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What’s Happening on the French Side

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Mocka Jumbies and Rum...

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Laws passed recently in France have given their islands’ authorities more autonomy, allowing some direct economic and cultural links without the prior permission of Paris. Nevertheless, we all experience boundaries—for example, visa issues still exist for many East Caribbean citizens, though temporary visas may be given by the French authorities for those arriving for a short period by a private boat. Obviously language may be perceived as another hindrance.

The Caribbean Sailing Association created a Vice President position for the French Islands to help communication. This position is held by Jean Michel Marziou, based in Guadeloupe. Those who have visited or raced in Guadeloupe most probably have met Jean Michel through his involvement in the Triskell Association. They have opened in the heart of the Marina Bas du Fort, a yacht club with a bar where the sailing community can meet. Naturally, all visiting sailors are welcomed here.

In Martinique the Neptune club has renewed its activity and generally manages a number of the key racing events. The principal contact here is Jean Michel Figuieres. He is equally the owner of a B28 Credite Moderne seen at a number of Caribbean events. Another key player is Jean Michel Criquer who, more often than not, runs the committee boat in the most important French events. (One may think that the name Jean Michel is compulsory in French yachting circles.)

Beyond the keelboat activity, French sailing leads one’s thoughts to multihulls. Most races in the French Islands have multihull classes. Guadeloupe uses a calculated rating sytem from the mainland that makes for close racing. The measurer, Vincent DeMynard, in applying the multihull rule manages to get close racing between varied craft. Though sailing conditions obviously favour one multihull over another, more cruising cataramans can, on their day, hold their own against the out-and-out speed machines. Currently members of the French multihull community are pushing the Antigua Race week committee to open their event to multihulls as the Heineken regatta where this class seems to be a definite bonus for participants and onlookers alike.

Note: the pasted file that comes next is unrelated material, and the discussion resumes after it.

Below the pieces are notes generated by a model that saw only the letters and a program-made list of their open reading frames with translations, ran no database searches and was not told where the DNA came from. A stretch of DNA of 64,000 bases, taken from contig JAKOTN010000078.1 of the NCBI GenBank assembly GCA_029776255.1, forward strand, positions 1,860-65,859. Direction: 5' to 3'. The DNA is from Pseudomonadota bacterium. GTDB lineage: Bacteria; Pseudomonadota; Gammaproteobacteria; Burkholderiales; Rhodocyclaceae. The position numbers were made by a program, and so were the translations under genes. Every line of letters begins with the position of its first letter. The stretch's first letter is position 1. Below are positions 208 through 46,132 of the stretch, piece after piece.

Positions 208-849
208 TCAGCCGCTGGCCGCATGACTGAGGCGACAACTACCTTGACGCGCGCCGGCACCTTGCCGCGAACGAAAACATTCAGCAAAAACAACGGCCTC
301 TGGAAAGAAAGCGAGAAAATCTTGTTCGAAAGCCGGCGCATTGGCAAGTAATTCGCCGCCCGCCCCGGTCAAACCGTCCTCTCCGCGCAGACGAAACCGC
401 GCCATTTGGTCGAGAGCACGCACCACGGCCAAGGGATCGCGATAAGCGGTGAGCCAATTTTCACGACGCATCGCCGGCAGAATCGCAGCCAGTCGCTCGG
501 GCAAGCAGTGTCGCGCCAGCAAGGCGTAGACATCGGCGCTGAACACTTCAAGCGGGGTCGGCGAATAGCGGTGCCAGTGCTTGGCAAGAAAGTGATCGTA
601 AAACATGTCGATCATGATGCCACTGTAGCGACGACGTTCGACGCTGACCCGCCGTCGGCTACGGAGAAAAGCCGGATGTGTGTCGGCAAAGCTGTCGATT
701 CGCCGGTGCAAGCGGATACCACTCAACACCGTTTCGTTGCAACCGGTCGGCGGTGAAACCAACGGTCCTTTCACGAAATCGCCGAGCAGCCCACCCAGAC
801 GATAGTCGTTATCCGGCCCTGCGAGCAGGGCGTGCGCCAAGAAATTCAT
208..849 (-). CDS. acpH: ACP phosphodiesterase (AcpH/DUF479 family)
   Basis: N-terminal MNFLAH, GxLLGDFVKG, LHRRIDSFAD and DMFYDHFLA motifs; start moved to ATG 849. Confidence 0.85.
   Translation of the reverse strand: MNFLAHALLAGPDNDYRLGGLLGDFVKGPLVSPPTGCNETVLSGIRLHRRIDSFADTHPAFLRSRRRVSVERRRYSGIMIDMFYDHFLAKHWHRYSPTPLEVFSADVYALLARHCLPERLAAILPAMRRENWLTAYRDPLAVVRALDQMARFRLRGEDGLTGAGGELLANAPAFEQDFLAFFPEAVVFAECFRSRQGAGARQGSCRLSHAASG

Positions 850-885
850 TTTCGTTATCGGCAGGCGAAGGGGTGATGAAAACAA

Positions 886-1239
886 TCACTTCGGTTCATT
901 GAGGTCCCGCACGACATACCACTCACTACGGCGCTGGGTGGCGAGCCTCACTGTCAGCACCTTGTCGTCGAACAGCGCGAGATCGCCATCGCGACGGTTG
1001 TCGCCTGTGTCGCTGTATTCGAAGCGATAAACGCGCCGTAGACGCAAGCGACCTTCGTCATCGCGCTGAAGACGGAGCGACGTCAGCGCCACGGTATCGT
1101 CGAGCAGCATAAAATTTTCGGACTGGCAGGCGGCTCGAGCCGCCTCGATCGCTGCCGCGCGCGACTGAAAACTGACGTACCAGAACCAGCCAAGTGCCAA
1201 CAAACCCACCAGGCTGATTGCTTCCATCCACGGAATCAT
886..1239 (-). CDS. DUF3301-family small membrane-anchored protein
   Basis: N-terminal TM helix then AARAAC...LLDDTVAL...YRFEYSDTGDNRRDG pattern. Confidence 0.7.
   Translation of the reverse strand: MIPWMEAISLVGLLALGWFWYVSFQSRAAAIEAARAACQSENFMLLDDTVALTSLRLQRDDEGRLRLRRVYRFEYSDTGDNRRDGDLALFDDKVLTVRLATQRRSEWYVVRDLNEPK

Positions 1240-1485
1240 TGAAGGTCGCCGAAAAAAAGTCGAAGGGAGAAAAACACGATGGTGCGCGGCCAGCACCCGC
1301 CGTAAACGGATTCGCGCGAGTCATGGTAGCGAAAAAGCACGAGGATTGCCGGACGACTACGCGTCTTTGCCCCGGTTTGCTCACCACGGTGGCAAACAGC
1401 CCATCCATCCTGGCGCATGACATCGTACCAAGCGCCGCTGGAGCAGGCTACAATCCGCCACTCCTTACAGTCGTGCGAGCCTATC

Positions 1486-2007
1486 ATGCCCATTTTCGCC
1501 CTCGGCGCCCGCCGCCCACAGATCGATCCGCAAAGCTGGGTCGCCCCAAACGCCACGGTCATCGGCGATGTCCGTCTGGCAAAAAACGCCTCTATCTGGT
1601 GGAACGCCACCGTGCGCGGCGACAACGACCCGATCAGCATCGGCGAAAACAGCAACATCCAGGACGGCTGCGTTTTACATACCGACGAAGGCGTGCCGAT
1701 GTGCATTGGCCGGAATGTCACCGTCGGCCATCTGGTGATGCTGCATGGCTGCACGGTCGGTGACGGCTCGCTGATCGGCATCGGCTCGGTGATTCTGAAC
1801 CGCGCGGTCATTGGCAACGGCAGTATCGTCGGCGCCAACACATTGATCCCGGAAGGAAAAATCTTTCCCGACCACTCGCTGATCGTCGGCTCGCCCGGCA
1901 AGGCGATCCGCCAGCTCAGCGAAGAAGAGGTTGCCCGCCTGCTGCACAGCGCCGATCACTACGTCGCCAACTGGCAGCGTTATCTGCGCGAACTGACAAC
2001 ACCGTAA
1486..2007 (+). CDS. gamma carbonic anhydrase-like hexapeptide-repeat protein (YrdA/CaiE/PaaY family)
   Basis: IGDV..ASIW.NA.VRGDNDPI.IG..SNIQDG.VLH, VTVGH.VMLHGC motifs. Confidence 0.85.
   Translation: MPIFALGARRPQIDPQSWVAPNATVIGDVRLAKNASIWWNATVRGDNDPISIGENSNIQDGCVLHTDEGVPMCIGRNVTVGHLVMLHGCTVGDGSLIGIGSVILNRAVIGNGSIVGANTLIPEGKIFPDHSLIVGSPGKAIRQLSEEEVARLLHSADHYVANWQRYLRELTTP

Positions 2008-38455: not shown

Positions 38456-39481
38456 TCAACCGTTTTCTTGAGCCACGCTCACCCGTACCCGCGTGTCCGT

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For more than a decade Guadeloupe has had a very keen Hobie 16 fleet. Recently numbers have reduced but still the island can boast two world champions in this discipline. Claude Thelier, a well-respected Caribbean sailor, runs the training program for the Hobie. Claude at present is preparing a Route du Rhum campaign. He has the 60-ft trimaran owned by Laurent and Yvon Bourgnion. The boat has been totally refitted in Guadeloupe, from the engine, the hulls, rig, electronics, and sails. This boat, renamed “Region Guadeloupe,” has become a showcase for Guadeloupean know-how. Last week, while carrying out early tests, we were comfortably at 25 kts, 2 reefs in the main and a staysail. The fleet of nearly 80 multi and monohull open machines will leave St Malo, France October 29 to arrive in Guadeloupe early November. If you haven’t visited Guadeloupe, this may be a great time to do so, as a number of social events are organised as the boats arrive.

St. Barths has oragnised a number of Transat races in the Figaro Class. The Bucket for Super Yachts was absolutely spectacular in the number of boats and the organisation. Martinique will host the 2007 Tempest World Championships and in recent years has already successfully run the Optimist and Dragon World Championships.

So, as you sail the islands or are planning a race program, do give thought to what’s happening on the “French Side”

Andrew Dove is Area Manager for North Sails

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So Caribbean you can almost taste the rum...

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